Step 3:  Through the AFC Coordinator, find out from the Development and Alumni Relations Office the number of program alumni that could be solicited by mail, and agree on the number of student volunteers that you will ideally recruit to help with these efforts.  (In most cases, you will not want to be soliciting alumni who have already given in this academic year, or who have told the University that they do not wish to be solicited.)

Step 4:  Recruit student volunteers within your program to help assemble the appeal letters, envelopes, and reply envelopes.  Volunteers will need to know how much time is needed to help with this.  (For example, they should set aside 2 hours in the morning on a particular date.)  Volunteers will need to know what is involved.  (For example, hand-addressing envelopes, signing letters, and stuffing envelopes.)

Step 5:  Work with the AFC Coordinator to draft the text of the appeal letter.  If it is going to be coming from a current student, it needs to be written from that perspective.  Ideally, the letter will leave space for the student volunteer to handwrite the salutation (“Dear Jane,”), handwrite her/his signature, and handwrite a very short note to the addressee near the bottom of the page.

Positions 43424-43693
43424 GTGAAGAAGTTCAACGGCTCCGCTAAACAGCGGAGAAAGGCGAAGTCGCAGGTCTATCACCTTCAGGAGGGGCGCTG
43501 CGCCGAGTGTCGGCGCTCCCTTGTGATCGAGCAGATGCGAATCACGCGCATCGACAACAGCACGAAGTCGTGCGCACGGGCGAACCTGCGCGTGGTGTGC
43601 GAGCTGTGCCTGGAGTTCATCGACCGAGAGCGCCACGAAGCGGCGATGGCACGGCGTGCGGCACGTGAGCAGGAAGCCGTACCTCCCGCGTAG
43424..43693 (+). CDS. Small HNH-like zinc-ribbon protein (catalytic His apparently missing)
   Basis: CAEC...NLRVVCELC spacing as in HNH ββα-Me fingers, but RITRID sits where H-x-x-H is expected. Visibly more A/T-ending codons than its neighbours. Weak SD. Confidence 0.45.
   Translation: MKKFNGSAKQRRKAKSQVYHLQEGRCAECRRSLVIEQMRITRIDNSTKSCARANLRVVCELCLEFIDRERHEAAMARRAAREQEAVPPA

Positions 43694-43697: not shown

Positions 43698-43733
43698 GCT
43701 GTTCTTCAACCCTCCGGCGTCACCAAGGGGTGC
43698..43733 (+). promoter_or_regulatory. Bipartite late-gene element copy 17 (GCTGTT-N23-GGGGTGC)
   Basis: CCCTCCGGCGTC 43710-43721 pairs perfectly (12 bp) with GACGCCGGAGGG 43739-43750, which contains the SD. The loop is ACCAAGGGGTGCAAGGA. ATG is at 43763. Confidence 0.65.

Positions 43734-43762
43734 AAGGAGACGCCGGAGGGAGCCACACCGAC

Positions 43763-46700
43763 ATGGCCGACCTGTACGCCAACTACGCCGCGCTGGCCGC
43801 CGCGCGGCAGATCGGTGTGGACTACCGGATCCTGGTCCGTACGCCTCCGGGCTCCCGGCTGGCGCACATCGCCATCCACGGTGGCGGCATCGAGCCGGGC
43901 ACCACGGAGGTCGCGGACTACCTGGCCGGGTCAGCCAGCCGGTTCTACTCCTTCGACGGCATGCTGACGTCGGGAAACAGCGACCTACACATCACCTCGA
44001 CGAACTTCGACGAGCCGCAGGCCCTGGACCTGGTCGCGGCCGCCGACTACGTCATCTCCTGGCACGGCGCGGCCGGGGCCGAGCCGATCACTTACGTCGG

Step 6:  Reserve an appropriate space(s) where volunteers will meet and work on assembling the appeal letters and envelopes.  If this is being done in your program’s offices, be sure to coordinate this with your APO.

Step 7:  Through the AFC Coordinator, let the Development and Alumni Relations Office know where and when volunteers will be meeting, and keep them updated on the number of volunteers recruited to prepare the appeal materials.

Step 8:   Through the AFC Coordinator, confirm with the Development and Alumni Relations Office that: a) the appeal letters are being printed by them (or someone else, like the program) using appropriate stationery; b) the appeal envelopes will be available from the program office or the Development and Alumni Relations Office, so that these envelopes can be addressed; c) the appropriate reply envelopes will available from the Development Office, as well, so they can be marked with the specific cause (i.e., student travel and research grants); and d) the contact list (which has the contact information and other needed details about the alumni being solicited) will be available on the date(s) they are needed by the volunteers.  (Donation reply envelopes can be returned to the program or the Development Office; make that decision in conjunction with the AFC Coordinator and the Development Office.)

Step 9:  Remind student volunteers about the date, time, and location where they are to meet.  Schedule a student leader who is familiar with this letter-appeal process to oversee the volunteers.